The Poppy Denby Investigates series is not Christian Fiction – and was never meant to be. Some of the characters use mild swearwords, some of them have sex (although not explicit) and some of them are gay – so not what you would expect to find in so-called ‘Christian’ fiction. There are however more than a few traces of faith. Poppy is the daughter of Methodist ministers but is struggling to reconcile her own faith to the exciting new life she is leading in the Big City. She also struggles to reconcile the notion of a God of love with the horrors of the First World War. While other characters – such as the photographer Daniel – have given up on God because of it.
Yet Poppy still holds onto her faith. You will occasionally see her praying to God in difficulties and expressing her confusion and doubts. Other characters, such as Rollo and Aunt Dot, feel judged by the more puritanical expressions of Christianity and Poppy herself wonders at times if it is really a ‘sin’ to drink alcohol, wear make-up and go to jazz clubs. Delilah is a completely secular character who has never given faith a second thought – and probably never will. Then there are characters like Elizabeth who despite enduring endless hardship and disappointment still manages to hold onto the faith which sustains her. Still other characters are Jewish, and although I haven’t written one in yet, there will be Muslim characters in future books too …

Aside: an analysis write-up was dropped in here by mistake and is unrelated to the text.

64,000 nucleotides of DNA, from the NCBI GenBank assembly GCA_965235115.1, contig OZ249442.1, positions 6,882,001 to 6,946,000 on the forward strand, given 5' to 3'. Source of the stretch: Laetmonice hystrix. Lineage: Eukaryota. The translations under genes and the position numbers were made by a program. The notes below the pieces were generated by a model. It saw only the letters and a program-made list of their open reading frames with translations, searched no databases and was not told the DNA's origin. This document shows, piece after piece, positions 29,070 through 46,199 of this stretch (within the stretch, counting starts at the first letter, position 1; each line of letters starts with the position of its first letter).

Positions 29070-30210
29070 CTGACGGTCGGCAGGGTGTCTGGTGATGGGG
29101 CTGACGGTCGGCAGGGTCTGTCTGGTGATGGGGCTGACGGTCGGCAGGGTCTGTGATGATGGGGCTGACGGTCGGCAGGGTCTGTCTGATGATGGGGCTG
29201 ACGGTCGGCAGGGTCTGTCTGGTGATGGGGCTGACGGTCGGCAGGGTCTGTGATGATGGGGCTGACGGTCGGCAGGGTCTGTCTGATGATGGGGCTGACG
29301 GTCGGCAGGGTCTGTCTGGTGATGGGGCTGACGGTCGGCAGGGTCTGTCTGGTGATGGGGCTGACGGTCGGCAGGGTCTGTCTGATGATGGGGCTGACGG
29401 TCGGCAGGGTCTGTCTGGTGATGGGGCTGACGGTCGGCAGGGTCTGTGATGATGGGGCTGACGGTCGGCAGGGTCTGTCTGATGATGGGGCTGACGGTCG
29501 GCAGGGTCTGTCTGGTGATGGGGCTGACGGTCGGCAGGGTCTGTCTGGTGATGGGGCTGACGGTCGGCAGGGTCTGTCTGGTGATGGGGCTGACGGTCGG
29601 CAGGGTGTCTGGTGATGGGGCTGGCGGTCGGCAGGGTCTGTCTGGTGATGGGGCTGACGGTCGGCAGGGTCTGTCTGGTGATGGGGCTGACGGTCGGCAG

For me this is an authentic cross-section of society. Faith – or the lack of it – is part and parcel of the fabric of everyday life; and that’s what I want to show in my books. But the faith of the characters is NOT the point of the story; it is simply part of their characterisation. These are historical mysteries that can be enjoyed by people of faith and no faith and everything in between.
The struggle with faith and the reassessment of the church in society and individual lives was characteristic of the 1920s as a whole so I feel historically justified in dealing with that in these books. The role of the institutional church in promoting militarism was brought into question and many Christians espoused pacifism, while others considered it their Christian duty to defend their country. The adversarial narrative between faith and science was also, sadly, gaining ground in this period and is something I will be alluding to in future books.
But for now I will give the last word to Wilfred Owen who, in 1917, so poignantly struggled to hold onto his own faith in the trenches of the Western Front:
Since we believe not otherwise can kind fires burn;
Now ever suns smile true on child, or field, or fruit.
For God’s invincible spring our love is made afraid;
Therefore, not loath, we lie out here; therefore were born,
For love of God seems dying.
To-night, His frost will fasten on this mud and us,
Shrivelling many hands and puckering foreheads crisp.
The burying-party, picks and shovels in their shaking grasp,
Pause over half-known faces. All their eyes are ice,
But nothing happens.
(From ‘Exposure’, Wilfred Owen, 1917 – as read by Poppy in The Jazz Files)